It also has to be borne in mind that OAS (but not GIS) benefits are taxable, so the federal government recoups a significant share of what is paid out. In most cases, even GIS recipients will pay some modest income tax on their OAS income.  The amount of OAS recouped by the federal government through income taxes can be estimated to be about 20%. And, of course, retirees pay consumption and other taxes as well.

(OAS benefits are also clawed back above a high income threshold, currently $69,562, and OAS benefits are completely taxed back above an individual income of $112,772. But this recovery applies to only 6% of OAS beneficiaries, and just 2.3% lose all of the benefit.)

Revenues from income tax on OAS may increase moving forward as a rising proportion of relatively affluent seniors have earnings from employment. The labour force participation rate of persons aged 65 to 70 more than doubled from 11.4% to 23.9% between 2000 and 2011. This is partly due to inadequate pensions and retirement savings, but also to the fact that some persons over age 65 want to work and are able to do so.

Statistics Canada recently reported that, while life expectancy has been rising, the average number of years spent not working  has been stable since the mid 1990s due to the fact that more and more seniors are staying in the workforce longer.

It can be noted that the widely touted option of raising the age of eligibility from 65 to 67 would not, in and of itself, save a lot of money. Average life expectancy at age 65 is 20 years (18.3 years for men and 21.5 years for women) meaning that the average new OAS beneficiary will receive benefits for twenty years.  Raising the eligibility age from 65 to 67 would reduce the cost by 10%, and by even less if life expectancy continues to rise.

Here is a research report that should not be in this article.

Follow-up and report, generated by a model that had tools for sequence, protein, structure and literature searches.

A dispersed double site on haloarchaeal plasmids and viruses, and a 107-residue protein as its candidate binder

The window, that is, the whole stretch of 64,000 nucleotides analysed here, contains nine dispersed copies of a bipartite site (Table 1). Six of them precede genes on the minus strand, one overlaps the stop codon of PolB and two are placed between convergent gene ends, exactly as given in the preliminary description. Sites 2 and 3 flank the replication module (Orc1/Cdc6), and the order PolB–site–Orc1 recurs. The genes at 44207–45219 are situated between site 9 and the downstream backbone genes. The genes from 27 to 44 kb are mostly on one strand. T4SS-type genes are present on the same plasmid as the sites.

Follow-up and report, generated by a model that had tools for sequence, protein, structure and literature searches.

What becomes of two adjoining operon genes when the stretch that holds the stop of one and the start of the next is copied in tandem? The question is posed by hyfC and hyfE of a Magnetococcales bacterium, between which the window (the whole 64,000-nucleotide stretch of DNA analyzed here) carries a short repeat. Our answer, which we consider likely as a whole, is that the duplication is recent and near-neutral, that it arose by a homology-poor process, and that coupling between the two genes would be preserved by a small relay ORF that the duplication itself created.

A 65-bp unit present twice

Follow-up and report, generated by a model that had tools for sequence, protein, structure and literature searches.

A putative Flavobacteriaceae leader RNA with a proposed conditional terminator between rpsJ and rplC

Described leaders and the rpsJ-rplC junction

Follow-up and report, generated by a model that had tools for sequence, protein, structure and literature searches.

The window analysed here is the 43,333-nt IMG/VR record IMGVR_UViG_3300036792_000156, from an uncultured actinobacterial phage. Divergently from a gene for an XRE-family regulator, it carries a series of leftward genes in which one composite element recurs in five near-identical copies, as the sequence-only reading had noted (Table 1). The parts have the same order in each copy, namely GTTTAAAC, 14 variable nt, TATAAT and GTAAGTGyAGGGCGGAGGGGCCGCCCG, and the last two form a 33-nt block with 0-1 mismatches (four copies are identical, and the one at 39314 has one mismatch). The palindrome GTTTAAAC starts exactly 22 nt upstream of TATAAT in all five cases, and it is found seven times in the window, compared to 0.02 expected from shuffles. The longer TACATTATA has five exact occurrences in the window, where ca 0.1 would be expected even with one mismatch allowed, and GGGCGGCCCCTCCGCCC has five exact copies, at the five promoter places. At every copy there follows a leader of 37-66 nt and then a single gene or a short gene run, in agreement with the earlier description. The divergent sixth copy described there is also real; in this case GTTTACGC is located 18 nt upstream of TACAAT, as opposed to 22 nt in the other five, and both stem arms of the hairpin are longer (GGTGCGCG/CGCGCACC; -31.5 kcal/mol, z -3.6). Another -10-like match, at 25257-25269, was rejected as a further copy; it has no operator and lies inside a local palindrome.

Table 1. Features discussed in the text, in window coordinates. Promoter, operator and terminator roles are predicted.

The CLC proposal to phase in an increase in CPP benefits, supported by many pension experts and by most provinces, would reduce GIS benefits down the road.  While an expanded CPP would take forty years to fully mature, it would still have a significant impact when we hit the peak retirement years of the baby boomers, the majority of whom are still in their early 50s.

 

 

Enjoy and share:

Comments

Comment from Victor
Time: February 10, 2012, 12:49 pm

The Govt is also ignoring the revenue side. How much tax revenue ie. income taxes will be generated from the 65+ year co-hort over the next 20 years? It should at least double in real terms since the number of seniors will double in number. What about taxes from transfer of assets? the pre-boomers will hand over billions in assets over the next 20 years to the boomers.

Comment from Bobby
Time: February 12, 2012, 10:07 am

A lot of people are really in the dark about OAS/GIS and “who actually” qualifies for it. A LARGE number of people will never qualify for the OAS and don’t even know it. YET. For example a lot of people (ie. a lot of Bell Canada employees) have taken VSP (Voluntary Supplementary Program) and termination packages in the 1980′ and 1990’s..most of these convert into a LIRA (Locked in account ) and then to a RLIF..which then turns into an annuity. These scenarios translate eventually into the fact that you cannot get or qualify for OAS or any supplemental if you already have another source of guaranteed income. A lot of people don’t know it yet but once they access these packages at age 55.. they will soon find out. And there is going to be a lot of disappointed people who didn’t see this coming. Their former employers didn’t tell them about this and their fiancial advisors didn’t tell them of this either. Hate being the bearer of bad news.

Write a comment





Related articles